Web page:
Radiohead – Kid A
I don’t get why people don’t like Radiohead, honestly I don’t. Words like ‘miserable’ and ‘pretentious’ get used by the same people who then enjoy Fellini or David Lynch films. Music shouldn’t be criticised for having ambitions beyond the box marked ‘fun’ – aspiring to poetry and compositional complexity on a par with modern classical music had been part of what Radiohead did ever since ‘The Bends’. But it was Kid A where they really took a risk and changed the game.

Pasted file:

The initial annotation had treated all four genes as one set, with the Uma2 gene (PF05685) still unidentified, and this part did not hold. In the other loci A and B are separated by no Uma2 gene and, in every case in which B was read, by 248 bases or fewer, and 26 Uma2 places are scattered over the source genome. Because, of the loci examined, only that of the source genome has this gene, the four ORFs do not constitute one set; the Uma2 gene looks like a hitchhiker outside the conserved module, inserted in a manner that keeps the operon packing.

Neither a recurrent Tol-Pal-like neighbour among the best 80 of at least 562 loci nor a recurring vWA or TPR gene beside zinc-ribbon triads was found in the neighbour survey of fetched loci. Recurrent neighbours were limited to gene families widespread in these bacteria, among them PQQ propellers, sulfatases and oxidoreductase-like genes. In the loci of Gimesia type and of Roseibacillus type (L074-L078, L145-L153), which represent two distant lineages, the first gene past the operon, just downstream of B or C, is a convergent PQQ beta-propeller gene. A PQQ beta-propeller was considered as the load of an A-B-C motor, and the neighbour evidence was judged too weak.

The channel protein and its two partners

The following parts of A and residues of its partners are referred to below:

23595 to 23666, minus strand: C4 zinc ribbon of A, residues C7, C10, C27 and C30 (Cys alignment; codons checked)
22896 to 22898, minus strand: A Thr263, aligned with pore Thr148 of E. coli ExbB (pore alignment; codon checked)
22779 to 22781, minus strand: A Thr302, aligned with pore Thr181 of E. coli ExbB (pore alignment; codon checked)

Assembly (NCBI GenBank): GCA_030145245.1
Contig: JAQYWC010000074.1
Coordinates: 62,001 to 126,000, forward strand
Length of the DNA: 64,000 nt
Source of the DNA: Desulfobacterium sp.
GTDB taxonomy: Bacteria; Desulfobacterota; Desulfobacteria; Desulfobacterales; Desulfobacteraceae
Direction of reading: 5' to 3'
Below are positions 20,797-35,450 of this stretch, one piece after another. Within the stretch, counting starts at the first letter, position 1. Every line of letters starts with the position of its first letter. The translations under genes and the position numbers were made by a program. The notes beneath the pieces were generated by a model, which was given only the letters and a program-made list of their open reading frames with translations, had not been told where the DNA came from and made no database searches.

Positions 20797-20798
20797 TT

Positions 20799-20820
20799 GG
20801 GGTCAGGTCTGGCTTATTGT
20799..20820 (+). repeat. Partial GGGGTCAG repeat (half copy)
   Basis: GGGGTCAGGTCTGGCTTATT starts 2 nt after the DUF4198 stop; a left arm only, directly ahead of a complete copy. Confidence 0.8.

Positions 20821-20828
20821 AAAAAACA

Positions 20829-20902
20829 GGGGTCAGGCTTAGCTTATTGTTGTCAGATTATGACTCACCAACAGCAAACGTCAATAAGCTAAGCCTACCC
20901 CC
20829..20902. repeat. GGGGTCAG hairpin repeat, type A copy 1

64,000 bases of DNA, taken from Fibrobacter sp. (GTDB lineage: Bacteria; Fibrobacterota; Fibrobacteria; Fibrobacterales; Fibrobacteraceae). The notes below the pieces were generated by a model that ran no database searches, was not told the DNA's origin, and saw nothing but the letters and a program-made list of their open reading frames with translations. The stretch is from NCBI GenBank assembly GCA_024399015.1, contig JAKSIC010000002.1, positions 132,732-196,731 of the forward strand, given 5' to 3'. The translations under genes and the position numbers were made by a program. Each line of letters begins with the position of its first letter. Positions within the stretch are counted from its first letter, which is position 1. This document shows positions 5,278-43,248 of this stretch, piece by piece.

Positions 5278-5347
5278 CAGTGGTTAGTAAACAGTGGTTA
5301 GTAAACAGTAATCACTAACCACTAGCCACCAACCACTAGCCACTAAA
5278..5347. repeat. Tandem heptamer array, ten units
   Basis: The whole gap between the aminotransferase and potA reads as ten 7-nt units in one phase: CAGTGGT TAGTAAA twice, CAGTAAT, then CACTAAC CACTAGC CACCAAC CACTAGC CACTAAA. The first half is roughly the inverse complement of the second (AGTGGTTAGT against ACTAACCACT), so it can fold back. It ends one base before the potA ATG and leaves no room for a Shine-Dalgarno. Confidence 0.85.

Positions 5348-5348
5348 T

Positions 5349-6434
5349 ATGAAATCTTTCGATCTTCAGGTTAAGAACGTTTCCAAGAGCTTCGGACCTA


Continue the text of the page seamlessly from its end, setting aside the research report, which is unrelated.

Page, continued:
Musically… well it begins and ends with ‘Idioteque’ for me. Remember how I loved the Velvet Underground for combining the avant-garde with pop music? Here Radiohead made a huge, high profile step towards doing that with the cutting edge electronica of Warp records and the like. It’s probably only the third or fourth best Radiohead album, but this is the one that made the impact on me. I’m also inclined to think that it was this record that led to the interest in electronica in the decade plus since. It rescued synths from their association with eighties cheese/commercial dance and made them something serious young white men like myself could take an interest in. I’d already started digging into Aphex Twin when this came out, but afterwards it unlocked Autechre, Boards of Canada, Four Tet, and everything after….